By Nina Polien Light | Photo by John Goldy
Lisa Reed traces her passion for taking care of herself, others, and the earth to childhood dinners and her least favorite chore.
“We had a garden and lots of raw veggies,” Reed, founder and “lead juice lady” of Garden of Flavor, says. “Although we always had beef or some kind of meat, my parents were health conscious in the best way they knew to be. We also composted. My dad would give me a pitchfork and, as a teenage girl, I dreaded turning that compost pile.”
The physical work prepared her for the strength needed to juice large amounts of fruits and vegetables for the cold-pressed, organic juice business she started after leaving a 17-year career in product development at Arhaus Furniture.
Armed with certifications as a holistic educator, coronary health improvement program director, raw food chef, and plant-based nutritionist, the self-described lifelong juicer began making juice for others out of her home kitchen in 2013.
Four months later, she opened a juice bar in Chagrin Falls. In 2015 she moved operations to Midtown Cleveland, where she and her eight-person staff — which includes her son, Clay — produce juices that are sold locally at Heinen’s Fine Foods and Giant Eagle as well as regionally at Whole Foods and other specialty markets in Washington, Chicago, and Minnesota.
“When I started, I probably made about 80 bottles a week and now we make about 8,000 bottles a week,” Reed says.
Like many entrepreneurs, she procured financing through several avenues. One loan allowed her to buy her first commercial juicer, and another loan went toward the purchase of a refrigerated van. She sold a rental property to fund additional juicing equipment and a buildout of her refrigerated juice kitchen.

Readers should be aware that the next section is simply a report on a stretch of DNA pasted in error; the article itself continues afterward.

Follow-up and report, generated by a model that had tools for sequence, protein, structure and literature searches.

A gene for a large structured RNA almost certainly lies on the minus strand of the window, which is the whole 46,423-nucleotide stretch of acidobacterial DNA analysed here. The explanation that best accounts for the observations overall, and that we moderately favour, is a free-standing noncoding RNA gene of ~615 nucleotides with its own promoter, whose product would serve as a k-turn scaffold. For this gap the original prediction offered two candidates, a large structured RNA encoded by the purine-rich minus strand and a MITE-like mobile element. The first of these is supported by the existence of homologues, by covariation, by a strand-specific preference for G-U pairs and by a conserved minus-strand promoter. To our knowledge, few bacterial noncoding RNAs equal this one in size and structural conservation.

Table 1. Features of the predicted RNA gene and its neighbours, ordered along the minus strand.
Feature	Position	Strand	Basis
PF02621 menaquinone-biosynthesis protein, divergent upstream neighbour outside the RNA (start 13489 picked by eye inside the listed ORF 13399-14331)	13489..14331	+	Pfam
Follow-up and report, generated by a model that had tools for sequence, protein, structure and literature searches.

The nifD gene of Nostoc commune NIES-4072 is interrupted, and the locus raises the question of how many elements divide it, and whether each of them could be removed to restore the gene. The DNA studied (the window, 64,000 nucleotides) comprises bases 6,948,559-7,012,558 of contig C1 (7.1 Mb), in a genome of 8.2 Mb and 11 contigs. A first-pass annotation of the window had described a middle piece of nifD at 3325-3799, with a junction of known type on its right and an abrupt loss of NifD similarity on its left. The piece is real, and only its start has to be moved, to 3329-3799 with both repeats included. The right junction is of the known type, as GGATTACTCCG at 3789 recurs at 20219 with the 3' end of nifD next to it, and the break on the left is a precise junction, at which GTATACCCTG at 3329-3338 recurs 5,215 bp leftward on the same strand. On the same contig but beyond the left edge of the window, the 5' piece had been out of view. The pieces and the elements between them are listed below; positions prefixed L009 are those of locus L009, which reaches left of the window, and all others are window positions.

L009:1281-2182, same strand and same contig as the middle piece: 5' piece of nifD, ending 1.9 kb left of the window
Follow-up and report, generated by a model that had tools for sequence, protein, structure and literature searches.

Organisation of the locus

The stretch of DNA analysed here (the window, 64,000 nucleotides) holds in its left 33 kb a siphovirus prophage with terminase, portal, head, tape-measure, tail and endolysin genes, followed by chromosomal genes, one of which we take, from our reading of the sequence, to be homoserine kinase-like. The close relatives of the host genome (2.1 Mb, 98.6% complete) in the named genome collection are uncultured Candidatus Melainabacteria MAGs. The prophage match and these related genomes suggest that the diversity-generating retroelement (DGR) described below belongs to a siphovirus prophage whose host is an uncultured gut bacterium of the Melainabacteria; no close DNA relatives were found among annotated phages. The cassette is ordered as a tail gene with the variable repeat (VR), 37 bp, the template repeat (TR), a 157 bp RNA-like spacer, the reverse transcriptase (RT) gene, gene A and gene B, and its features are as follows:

As Reed built the company, she turned to others for guidance because she did not know how to turn a home recipe into a product ready for the grocery-store shelf. She credits Mark Sandridge of Sandridge Foods and Les Gyerman of Heinen’s for serving as mentors. Her biggest challenge has been attending to the administrative tasks she does not enjoy, and knowing she does not have the resources to hire someone to handle them for her.
“But as an entrepreneur, you have to wear all the hats, especially at the beginning,” she says.
Along the way, Reed has learned how to adapt product offerings to address real-life issues. For example, when her niece broke out in hives from the stress of studying for college exams and said she was downing energy drinks to stay alert, Reed researched the drinks and learned they can increase blood pressure and stress hormones, which puts habitual users at risk for heart damage. So when her son brought back guayusa leaves from a trip to Ecuador and suggested she steep them, Reed was intrigued. The leaves give off natural, plant-based caffeine that does not cause the same jitters and crash as other forms of caffeine. Today she offers an energy drink made by mixing steeped guayusa leaves with organic cold-pressed juices.
Reed, who works about 70 hours a week, subscribes to the mantra, “Don’t ever mistake my kindness for weakness.”
“That really speaks to me,” she says. “As a girl, I was told to be kind, gracious, and don’t second-guess authority. My attitude has evolved over time. Now, I feel being a female is a great strength because I have the ability to be centered, multitask, problem solve, and embrace success without ego.”
For more info: gardenofflavor.com
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